April 19, 2015 by Kristin
“That was ideal!”
“I wouldn’t say that.” Todd said.
Viruses and ALS do not mix well. Todd can’t turn over in bed, so there is little relief from sinus pressure. He can’t get himself out of bed, so he’s unable to run to the bathroom in the middle of the night.
These facts have turned me into a hand-washing fanatic—one hundred times more so than when Sara was a brand-new baby. We vet people’s health before they visit us. If I forget to bring the hand sanitizer to church, I make a beeline for the bathroom to wash my hands after the meet and greet—my anxiety is palpable. I have Sara wash her hands and change her clothes as soon as she’s home from school. We do our best to avoid colds and stomach bugs, for Todd’s sake. He has weathered a few colds but he avoided stomach issues until this weekend.
Todd woke me up at 2:30 in the morning. It could have been a messy situation. Todd is dependent on me to transfer him with slings and overhead lifts. I can only move so fast. Nonetheless, Friday night the timing and transferring worked flawlessly. I got him to the bathroom in time. I got a bowl from the kitchen before he even knew he needed it. A gait belt attached to our overhead lift supported Todd while he sat in the bathroom and leaned over a bowl I held in front of him. The kids were at a sleepover at my parents so they weren’t woken and we could sleep in.
One of my big fears—Todd getting a stomach bug—came true and we weathered it well. I shook my head in amazement. I was filled with gratitude and relief.
I can’t comprehend God’s sovereignty in light of all the suffering that takes place in the world. I passionately hate ALS and I passionately love Todd. I believe God feels the same so I don’t understand why he doesn’t provide a cure for this wretched disease this side of heaven. Not just for Todd, but for all those suffering.
As for me and God, I pray angry prayers much of the time, because with this disease, there is no cure for the caregiver either. Like many CALS (caregivers of people with ALS), I feel overwhelmed and battle depression. If God’s not going to intervene with an ALS cure then at least he should give me supernatural strength. “Go to God in prayer,” I’ve been told, “and he will give you love, joy, and peace.” I go to him, but much of the time, I don’t feel God’s comfort. I relate to the Psalmist who said “But I cry to you for help, O LORD; in the morning my prayer comes before you. Why, O LORD, do you reject me and hide your face from me?” (Psalm 88) I find a bit of relief in knowing I am not alone. Forty percent of the Psalms are laments. I lament to God and I pray The Lord’s prayer, “Thy Kingdom Come.”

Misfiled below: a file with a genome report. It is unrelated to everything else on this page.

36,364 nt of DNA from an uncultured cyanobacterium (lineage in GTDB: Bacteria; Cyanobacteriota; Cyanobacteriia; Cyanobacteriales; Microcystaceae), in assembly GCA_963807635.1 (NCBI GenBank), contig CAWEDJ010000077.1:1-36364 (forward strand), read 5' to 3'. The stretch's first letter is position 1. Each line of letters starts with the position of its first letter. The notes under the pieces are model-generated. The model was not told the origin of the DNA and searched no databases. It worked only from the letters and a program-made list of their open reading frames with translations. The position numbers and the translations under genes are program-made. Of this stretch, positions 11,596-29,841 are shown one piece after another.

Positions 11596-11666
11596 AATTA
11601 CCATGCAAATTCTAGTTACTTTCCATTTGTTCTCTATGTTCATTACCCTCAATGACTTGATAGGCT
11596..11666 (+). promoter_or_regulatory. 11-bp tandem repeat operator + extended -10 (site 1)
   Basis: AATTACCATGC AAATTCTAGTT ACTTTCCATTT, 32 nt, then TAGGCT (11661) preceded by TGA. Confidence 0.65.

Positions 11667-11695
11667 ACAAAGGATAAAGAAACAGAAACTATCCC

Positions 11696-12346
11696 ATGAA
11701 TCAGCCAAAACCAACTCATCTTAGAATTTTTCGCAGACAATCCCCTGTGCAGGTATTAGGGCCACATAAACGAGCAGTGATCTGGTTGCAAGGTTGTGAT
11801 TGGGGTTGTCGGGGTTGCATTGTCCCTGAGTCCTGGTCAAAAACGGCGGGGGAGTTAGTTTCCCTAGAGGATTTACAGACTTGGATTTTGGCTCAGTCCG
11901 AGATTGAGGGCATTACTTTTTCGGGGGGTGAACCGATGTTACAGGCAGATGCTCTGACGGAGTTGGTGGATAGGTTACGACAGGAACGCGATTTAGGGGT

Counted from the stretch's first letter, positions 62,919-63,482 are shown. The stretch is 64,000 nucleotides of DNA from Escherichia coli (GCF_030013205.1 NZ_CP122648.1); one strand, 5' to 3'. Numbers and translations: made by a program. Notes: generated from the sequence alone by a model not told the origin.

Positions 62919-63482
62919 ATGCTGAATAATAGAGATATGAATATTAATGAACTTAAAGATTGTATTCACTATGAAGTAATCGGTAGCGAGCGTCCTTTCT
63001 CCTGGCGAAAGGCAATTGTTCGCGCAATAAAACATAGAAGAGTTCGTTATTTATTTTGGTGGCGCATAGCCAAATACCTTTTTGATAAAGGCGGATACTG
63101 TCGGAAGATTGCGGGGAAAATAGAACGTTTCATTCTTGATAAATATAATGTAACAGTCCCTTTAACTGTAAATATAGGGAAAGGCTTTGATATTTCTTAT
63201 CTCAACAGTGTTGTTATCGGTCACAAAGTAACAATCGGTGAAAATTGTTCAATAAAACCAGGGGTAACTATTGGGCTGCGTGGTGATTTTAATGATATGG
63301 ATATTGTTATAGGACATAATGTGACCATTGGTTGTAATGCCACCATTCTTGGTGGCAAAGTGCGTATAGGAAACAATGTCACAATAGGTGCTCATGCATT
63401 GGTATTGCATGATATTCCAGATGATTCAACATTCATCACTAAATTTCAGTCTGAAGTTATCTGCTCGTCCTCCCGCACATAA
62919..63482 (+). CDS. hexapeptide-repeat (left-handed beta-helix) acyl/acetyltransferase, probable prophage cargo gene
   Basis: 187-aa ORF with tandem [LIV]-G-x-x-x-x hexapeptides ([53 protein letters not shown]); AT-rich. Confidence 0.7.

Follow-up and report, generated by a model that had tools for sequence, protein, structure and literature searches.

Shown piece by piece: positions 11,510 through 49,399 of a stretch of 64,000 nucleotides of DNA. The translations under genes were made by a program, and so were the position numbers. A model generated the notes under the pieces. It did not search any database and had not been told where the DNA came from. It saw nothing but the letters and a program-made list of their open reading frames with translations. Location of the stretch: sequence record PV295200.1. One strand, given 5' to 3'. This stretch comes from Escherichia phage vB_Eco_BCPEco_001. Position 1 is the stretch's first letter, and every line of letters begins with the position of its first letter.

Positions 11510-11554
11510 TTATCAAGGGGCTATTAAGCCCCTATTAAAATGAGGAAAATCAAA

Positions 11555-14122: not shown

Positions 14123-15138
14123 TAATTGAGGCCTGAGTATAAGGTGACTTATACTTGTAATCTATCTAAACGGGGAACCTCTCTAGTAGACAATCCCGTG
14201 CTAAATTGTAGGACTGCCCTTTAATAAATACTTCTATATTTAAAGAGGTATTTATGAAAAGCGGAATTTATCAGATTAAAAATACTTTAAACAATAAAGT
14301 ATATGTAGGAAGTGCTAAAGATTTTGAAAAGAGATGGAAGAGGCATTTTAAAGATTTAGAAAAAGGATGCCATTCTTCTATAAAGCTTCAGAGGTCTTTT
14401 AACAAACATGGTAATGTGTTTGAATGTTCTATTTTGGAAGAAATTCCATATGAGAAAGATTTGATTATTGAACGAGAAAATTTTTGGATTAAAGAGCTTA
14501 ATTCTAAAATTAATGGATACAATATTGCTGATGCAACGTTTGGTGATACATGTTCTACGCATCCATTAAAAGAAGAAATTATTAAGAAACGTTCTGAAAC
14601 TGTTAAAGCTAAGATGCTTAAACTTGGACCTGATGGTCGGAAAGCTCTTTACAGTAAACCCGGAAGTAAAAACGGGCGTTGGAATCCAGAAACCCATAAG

Life down here is hard. This world is broken and people suffer in ways too much for the human soul to handle: abuse, starvation, disease, early death.
At times, I sense God’s presence and protection in our lives. I was biking with the kids the other day when Sara lost control of her hand brakes on a steep hill. I watched with horror, helpless as she picked up speed. She dragged her foot and lost shoe rubber, slowing herself down. She made it down the hill unscathed and I was so grateful. I praised God.
Friday night, after our ordeal went smoothly, I used words like “ideal” and “excellent” to describe the experience. Todd looked at me like I was crazy. “He’s the God of little miracles,” Todd joked. The God who doesn’t heal him, helped us through a night of sickness.
It is puzzling to me that we only sense God showing up some of the time and in some ways, but I guess that is the reality of living in a broken world. I pray for physical healing for Todd this side of Heaven as Todd’s body gets weaker. I pray that I would be able to shake the cloud of sadness I live under. Healing this side of Heaven seems elusive.
God did the biggest miracle when he came to this earth in human form, when he died and rose, so that one day, we will not need to endure this broken world. In the meantime, I pray “Come, Lord Jesus.”